I put my hands on some Broil King grills the other day and liked what I saw. I was looking at the Broil King Regal S 420 and S 490 models and they are definitely high quality products. Broil King is a brand from Onward manufacturing and the drills are made in North America (Indiana, Tennessee and Ontario) with North American steel.
Just like Napoleon grills, Broil King gas grills are legitimate challengers to Weber gas grills in terms of build quality and performance. Lets do a Broil King vs Weber comparison by taking a look at the S 420 and S 490 and see how they stack up against their Weber equivalents.
Broil King Regal S 420 Gas Grill
The Regal S 420 is a four burner gas grill with high end stainless steel construction. The 420 does not have a side burner or rotisserie burner.
Regal S 420 Specifications
- Burners: Four burners with a combined heat output of 50,000 BTU/hr
- Primary Grilling Area: 500 square inches
- BTUs/Square Inch: 100 BTU/sq in
- Grill Grates: 9mm thick stainless steel rods
- Warranty: 5 Years for Grates, 10 Years for Burners
The best Head to Head comparison for the Regal S 420 is the Weber Genesis II S 310. They both have stainless steel bodies, grates and flame tamers and they also have equivalent primary grilling areas. Lowes sells both of these grills so I grabbed a screen shot of how they compare.
The primary differences between these stainless steel grills are:
Heating Capacity: The Genesis II S 310 has three 12,500 BTU/hr burners for a combined heating capacity of 37,500 BTU/hr. The Regal S 420 has four 12,500 BTU/hr burners for a combined heating capacity of 50,000 BTU/hr.
The 37,500 BTUs of the Genesis are used to heat 513 square inches of grate for a heating power of 73 BTU/hr per square inch of grilling surface.
The 50,000 BTUs of the Regal are used to heat 500 square inches of grate for a heating power of 100 BTU/hr per square inch of grilling space.
The Regal has the clear advantage when it comes to grilling power. Pitting the Regal 420 against a four burner Genesis does not change the game as the BTUs per square inch is pretty consistent across the Genesis product line.
Price: The Regal is priced at a premium to the Genesis. For the extra money you get one more primary burner and a thicker grate as the Regal uses 9mm stainless steel rods compared to 7mm on the Genesis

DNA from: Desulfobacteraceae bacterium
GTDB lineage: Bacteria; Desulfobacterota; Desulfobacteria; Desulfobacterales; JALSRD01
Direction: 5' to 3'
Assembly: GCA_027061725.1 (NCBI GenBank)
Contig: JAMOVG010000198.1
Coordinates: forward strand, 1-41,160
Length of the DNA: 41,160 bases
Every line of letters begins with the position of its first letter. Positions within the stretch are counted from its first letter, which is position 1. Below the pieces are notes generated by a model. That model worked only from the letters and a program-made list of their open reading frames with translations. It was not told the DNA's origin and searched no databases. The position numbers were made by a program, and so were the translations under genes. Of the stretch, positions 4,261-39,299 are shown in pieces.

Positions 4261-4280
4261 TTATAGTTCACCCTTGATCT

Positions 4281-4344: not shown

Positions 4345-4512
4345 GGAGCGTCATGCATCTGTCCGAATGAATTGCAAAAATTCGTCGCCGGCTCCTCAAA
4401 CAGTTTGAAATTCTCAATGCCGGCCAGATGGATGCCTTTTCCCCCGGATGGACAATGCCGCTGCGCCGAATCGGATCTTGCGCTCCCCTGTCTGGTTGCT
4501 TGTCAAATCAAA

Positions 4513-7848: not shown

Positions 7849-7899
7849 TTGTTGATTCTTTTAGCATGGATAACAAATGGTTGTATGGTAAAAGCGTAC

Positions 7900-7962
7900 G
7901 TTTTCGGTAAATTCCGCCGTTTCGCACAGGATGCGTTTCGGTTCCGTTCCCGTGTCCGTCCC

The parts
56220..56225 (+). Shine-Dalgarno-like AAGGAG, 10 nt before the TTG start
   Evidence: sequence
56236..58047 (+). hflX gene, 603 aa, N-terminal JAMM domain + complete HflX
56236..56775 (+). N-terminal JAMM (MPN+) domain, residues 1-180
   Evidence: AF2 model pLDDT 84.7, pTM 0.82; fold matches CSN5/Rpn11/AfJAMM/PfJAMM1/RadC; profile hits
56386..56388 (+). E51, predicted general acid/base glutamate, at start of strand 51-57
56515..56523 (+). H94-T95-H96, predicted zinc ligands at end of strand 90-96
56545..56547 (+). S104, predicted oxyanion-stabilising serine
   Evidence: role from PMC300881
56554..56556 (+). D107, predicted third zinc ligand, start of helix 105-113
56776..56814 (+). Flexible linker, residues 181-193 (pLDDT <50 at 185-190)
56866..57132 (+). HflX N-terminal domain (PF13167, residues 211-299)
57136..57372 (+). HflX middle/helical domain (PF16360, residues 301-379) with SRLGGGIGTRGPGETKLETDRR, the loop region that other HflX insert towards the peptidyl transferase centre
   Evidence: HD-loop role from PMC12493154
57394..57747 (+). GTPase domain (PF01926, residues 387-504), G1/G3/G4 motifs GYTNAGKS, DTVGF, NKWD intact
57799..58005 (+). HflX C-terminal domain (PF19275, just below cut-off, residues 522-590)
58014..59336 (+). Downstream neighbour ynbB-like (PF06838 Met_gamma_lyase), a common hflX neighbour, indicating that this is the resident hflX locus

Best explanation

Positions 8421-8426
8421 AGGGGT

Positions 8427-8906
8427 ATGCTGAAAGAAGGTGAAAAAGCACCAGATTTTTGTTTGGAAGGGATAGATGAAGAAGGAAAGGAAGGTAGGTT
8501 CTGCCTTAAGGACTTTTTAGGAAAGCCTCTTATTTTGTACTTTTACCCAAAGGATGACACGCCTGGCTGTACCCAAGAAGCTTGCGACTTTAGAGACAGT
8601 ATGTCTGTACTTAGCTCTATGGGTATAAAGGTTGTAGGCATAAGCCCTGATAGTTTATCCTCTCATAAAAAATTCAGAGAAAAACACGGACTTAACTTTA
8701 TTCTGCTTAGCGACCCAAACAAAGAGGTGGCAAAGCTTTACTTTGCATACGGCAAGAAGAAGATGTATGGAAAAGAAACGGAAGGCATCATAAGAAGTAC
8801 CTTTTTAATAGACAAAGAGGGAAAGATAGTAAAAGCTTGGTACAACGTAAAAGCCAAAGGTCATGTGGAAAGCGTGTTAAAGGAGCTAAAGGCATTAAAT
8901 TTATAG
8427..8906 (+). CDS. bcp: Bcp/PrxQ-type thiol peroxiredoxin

Warranty: The Weber warranty of 10 years on all primary components is better than the 5-10 year warranty from Broil King. That being said I wouldn’t worry too much about that. The 9mm stainless rods on the Regal are going to outlast the 7mm rods on the Genesis.
Styling: I think the Genesis looks nicer than the Broil King but both are handsome grills. It is worth pointing out that the left side table of the Genesis folds down if you need a little extra space on your deck.
The “Head to Head” battle between these two grills is a toss up. I look at the extra burner on the Broil King like the Sear Station that you get on a Summit 470. I think the Genesis is prettier and has the better price but the Broil King will do a better job searing steaks.
Broil King Regal S 490 Gas Grill
The Regal S 490 is a four burner, stainless steel gas grill with a side and rotisserie burners.
The bones of the Regal S 490 are the same as the S420. The 490 is upgraded with a side burner, rotisserie burner and a dedicated rotisserie burner.
The best head to head comparison for the Regal S 490 from Weber is the Genesis II LX 340. The Genesis LX 340 has a side burner and the heating capacity of the primary burners has been slightly bumped up to 43,500 BTU/hr.
There is a clear winner in this battle, the Broil King S 490.
The Broil King S 490 is less expensive than the LX 340 and outclasses it with:
- Better grates (9mm vs 7mm stainless steel rods)
- Greater heating ability (100 vs 84 BTU/hr per square inch
- Rotisserie assembly with dedicated rotisserie burner.
The Genesis LX 340 has a bunch of features that you don’t need (LED fuel gauge, lighted control knobs, etc) and is simply out powered by the Regal S 490.
I was impressed with the Broil King grills that I got to examine. The build quality is solid and they have more “oomph” than their Weber counterparts.
If you are in the market and can find a Regal at a good price then buying one would not be a bad decision.